What Are Your Core Values?

You just get to pick TWO!

I’ve been reading Dare to Lead, a book by my favorite self-help author, Brené Brown (it’s the book I reviewed the horrible workbook for back in March). It was my suggestion for our work book club at Planview. What’s annoying is that I keep leaving the book in Austin, so I hadn’t been able to keep up, but I finally remembered to bring the book back with me last time I went, so I was able to read the correct chapter for today’s meeting.

I sure am glad I did, too, because some of the things she has us thinking about in the “Living Our Values” section helped me focus on not only how to effectively deal with coworkers, but also how to deal with the people around us during this pandemic.

Brown stresses that it’s important to know what your personal core values are, because they will affect how you make decisions, work with others, and treat yourself. And you only get to have TWO of them (though she lets you pick sub-values, too). I already had a set of guiding principles I live by:

  • Treat others how you’d like to be treated
  • Assume good intentions
  • Love yourself

But, I’d never chosen a mere two words to be my core values. So, this was an interesting exercise to me. I ended up with these:


Making a difference

Kindness was easy. I have always tried my best to be kind, and feel unsettled and weird if I realize I’m not being kind (usually it’s when I find myself being judgmental, and I have to snap out of it).

Here are the value choices I had to select from. Oops, no one can read this list on their phones. Here’s a link to the list on Brown’s website.

I had a little harder time figuring out that making a difference was the correct second value. I thought about my past career choices, both paid and volunteer, and I easily saw that what tied them all together was that I wanted to somehow make life easier for others and/or make a genuine contribution to society with what I did. I’ve helped build educational databases, taught college students, helped mothers breastfeed, gave organizations and individuals websites to spread their messages, written documentation and made e-learning for software companies, etc. In all of these, I’ve been wanting to make a difference to people.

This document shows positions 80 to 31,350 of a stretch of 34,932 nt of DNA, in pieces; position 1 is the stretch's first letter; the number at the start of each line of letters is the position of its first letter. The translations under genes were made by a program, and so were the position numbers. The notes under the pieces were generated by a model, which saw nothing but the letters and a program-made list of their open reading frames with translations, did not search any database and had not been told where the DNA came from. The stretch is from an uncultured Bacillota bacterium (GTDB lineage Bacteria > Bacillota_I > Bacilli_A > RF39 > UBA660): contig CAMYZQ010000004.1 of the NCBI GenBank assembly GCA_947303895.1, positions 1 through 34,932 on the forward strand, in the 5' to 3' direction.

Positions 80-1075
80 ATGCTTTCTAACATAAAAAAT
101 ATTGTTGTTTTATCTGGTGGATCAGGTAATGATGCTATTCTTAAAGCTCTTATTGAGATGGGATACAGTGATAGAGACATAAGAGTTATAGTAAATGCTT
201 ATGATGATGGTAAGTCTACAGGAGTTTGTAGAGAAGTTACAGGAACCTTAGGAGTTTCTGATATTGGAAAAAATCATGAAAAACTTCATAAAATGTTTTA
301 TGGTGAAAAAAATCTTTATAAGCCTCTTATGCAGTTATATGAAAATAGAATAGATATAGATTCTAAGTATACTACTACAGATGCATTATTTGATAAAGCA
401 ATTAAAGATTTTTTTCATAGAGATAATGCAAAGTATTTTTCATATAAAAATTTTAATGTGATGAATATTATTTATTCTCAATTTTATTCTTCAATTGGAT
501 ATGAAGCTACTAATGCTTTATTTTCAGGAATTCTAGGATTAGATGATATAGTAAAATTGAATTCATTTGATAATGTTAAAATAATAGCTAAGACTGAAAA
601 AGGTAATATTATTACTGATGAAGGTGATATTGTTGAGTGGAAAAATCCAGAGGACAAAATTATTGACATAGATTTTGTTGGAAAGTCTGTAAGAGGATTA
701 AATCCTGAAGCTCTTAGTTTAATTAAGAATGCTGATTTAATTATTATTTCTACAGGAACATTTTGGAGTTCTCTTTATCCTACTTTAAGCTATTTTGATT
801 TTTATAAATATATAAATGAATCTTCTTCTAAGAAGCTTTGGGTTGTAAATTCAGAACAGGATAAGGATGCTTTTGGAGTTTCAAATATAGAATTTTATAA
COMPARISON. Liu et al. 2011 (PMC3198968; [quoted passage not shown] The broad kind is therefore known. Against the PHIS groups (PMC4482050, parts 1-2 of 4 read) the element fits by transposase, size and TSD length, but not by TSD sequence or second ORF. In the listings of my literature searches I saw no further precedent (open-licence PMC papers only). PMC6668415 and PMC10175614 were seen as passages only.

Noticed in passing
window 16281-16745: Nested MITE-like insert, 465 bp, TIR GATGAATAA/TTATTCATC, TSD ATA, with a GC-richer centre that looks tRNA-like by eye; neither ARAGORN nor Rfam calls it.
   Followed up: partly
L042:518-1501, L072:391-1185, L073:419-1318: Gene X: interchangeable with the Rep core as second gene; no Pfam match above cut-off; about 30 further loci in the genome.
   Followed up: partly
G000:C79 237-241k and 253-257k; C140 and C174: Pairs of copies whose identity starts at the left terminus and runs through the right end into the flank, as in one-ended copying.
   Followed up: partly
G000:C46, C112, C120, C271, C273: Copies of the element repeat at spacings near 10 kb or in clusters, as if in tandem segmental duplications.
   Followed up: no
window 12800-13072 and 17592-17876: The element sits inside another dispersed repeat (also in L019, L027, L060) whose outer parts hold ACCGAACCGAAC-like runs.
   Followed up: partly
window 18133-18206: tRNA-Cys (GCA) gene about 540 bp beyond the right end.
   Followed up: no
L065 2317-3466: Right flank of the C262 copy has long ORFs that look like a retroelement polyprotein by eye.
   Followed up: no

When the time came to do our book club meeting, the three of us who’d made choices of values had all chosen kindness as one of them. I guess I’m not as original as I thought, or people who choose kindness tend to join book clubs! I really enjoyed talking to the other three women who were able to attend today, and am almost glad it was a small group, because we were able to share in meaningful ways. Thanks, Zoom meetings!

Other parts of the little chapter I read hit me very close to home, too. Brown included a discussion of keeping this in mind when you are providing feedback:

“…everyone is going the best they can.”

p. 215

It helps me with the judgmentalism I need to worry about so much in myself. And it’s my core belief that I need to assume good intentions. And like Brown’s husband Steve pointed out, even if it’s not true, things sure work out better if you just go ahead and make that assumption.

Hmm, can you try to do that with people on the other side of the mask wearing issue? Of the other political party? I find that to be a very interesting exercise, and one that I wish I could share further. It’s not that, “Oh, why can’t everyone just get along,” plea. It’s more of a, “Where are the people I disagree with coming from, and can I use that information to better understand them, or to talk to them productively?”

The kindness art I have on my bulletin board.

I’d really like to talk with more people about these core values and how they inform our lives, and these really helpful attitudes toward other people. Feedback is welcome!

Book Report: What It’s Like to Be a Bird

What a joy it has been to read What It’s Like to Be a Bird: From Flying to Nesting, Eating to Singing–What Birds Are Doing and Why, written and illustrated by David Allen Sibley (as I said to Anita, yes, THAT Sibley). The man responsible for the many Sibley field guides has just published this labor of love, a large-format book with beautiful, often life-size illustrations.

book cover of what it's like to be a bird
It’s a big, beautiful book.

The accompanying text is organized in a fun and interesting way, where slowly but surely, you’re able to learn all about how birds “work,” mentally and physically. I learned something new on nearly every page, and I thought I knew quite a bit about birds! There are many fascinating diagrams of how birds fly, digest food, lay eggs, and so much more, too.

It’s fun to learn the difference between birds whose eggs hatch fully able to get around and do things (precocial), like chickens, and birds whose eggs hatch all naked and vulnerable (altricial), like purple martins (photo below is from a Master Naturalist blog post I just sent out, by my friend Donna).

newborn purple martins
These little dudes can’t do much other than open their mouths and ask for food.
a page from a book
A sample page, showing how pelicans catch fish. It’s not how you imagined, I’m guessing, unless you’re an ornithologist.

I spent a long time just looking at the illustrations, and plan to keep the book out on the coffee table, so I can leaf through it when I need some inspiration. I can see many other uses for the book. It would be fun to share with younger folks, who can look at the pictures while an adult tells them how birds sing or how a woodpecker keeps from getting concussions while pecking. If I had grandchildren, that’s what I’d do!